Yellowknife’s art community isn’t letting a global pandemic get in the way of sharing and creating art. A virtual Iceolation Art Show is now planned.
Both the virtual show and a separate, community-generated video project are launching. Each is looking for submissions from residents of the city and the Northwest Territories.
After a five-year hiatus, Yellowknife’s Iceolation Art Show is coming back – this time in a new format and with a new meaning.
The show is being organized by Down to Earth Gallery owner Rosalind Mercredi with Yellowknife artists Alison McCreesh and Fran Hurcomb.
They want NWT residents to create one isolation-inspired piece of art then submit up to two photos of their work
“We wanted to revitalize the name [Iceolation],” Mercredi told Cabin Radio. When show was held at the Snowcastle in the past, it featured ice-themed art.
“We are sure people are at home creating,” she said. She wants to see examples of photography, painting, quilts, sewing, carving, snow-carving, and more.
“It’s your imagination that sets the guidelines,” she said. Four submissions were received almost immediately on the day the event was announced.
One minute with a tennis ball
Elsewhere, Yellowknife’s Artless Collective production house is calling on filmmakers and video artists to participate in a project entitled Co-video Quest.
A post online by Artless Collective calls the project “a community-based, participatory cinema initiative, co-produced by a diverse collective of video artists and filmmakers, in response to the isolation challenges we are all experiencing right now due to Covid-19.”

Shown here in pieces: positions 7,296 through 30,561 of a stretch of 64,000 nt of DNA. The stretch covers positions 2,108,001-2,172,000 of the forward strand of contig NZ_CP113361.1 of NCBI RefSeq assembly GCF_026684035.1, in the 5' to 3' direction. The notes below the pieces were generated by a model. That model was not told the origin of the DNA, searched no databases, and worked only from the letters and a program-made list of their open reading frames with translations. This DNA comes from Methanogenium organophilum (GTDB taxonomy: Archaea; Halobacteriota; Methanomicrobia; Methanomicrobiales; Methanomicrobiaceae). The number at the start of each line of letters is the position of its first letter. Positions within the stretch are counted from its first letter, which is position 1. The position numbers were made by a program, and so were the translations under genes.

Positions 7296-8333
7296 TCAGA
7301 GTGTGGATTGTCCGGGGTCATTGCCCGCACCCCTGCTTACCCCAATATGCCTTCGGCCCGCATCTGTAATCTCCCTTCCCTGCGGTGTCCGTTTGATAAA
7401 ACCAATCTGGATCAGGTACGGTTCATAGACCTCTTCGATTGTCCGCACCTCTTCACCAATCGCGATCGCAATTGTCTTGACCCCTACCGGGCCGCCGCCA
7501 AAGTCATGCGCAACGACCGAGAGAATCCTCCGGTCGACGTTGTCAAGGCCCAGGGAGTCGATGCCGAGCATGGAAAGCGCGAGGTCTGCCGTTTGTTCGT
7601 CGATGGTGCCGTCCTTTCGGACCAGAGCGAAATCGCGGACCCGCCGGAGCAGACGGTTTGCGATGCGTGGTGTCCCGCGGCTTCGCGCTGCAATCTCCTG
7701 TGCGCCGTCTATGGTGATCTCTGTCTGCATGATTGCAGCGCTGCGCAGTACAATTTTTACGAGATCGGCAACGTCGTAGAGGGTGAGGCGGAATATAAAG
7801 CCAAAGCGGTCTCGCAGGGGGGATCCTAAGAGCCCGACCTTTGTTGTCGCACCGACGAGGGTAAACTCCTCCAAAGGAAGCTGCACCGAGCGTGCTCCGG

Here’s what they’re looking for: first, grab a standard tennis ball (this is important for continuity and “other technical reasons,” they say). The ball is representative of a “globe of hope.”
Now take a video in which the ball enters from one side of the screen and exits on the other.
Artless Collective will stitch together the video clips it receives, culminating in a surprise finale to be filmed at the Snowcastle – which currently sits abandoned amid the pandemic.
“Your job is to create a one-minute video, or less, that revolves around the journey of this tennis ball,” said Artless Collective’s Pablo Saravanja.
“We want you to tell a story that’s funny, charming, wild, crazy, serious, or heartfelt, any creative way you want.”
Videos must respect health and safety regulations wherever the filmmaker lives. The project team hopes to get entries from across the world.
“We’ve got an army of filmmakers out there and what the world needs right now is some entertainment,” said Saravanja’s business partner, Jay Bulckaert.
“That’s what you guys do. That’s what we do. So let’s help people, let’s give people some entertainment, because that matters right now.”
Videos can be uploaded to social media, tagged with #covideoquest, and emailed to firstname.lastname@example.org.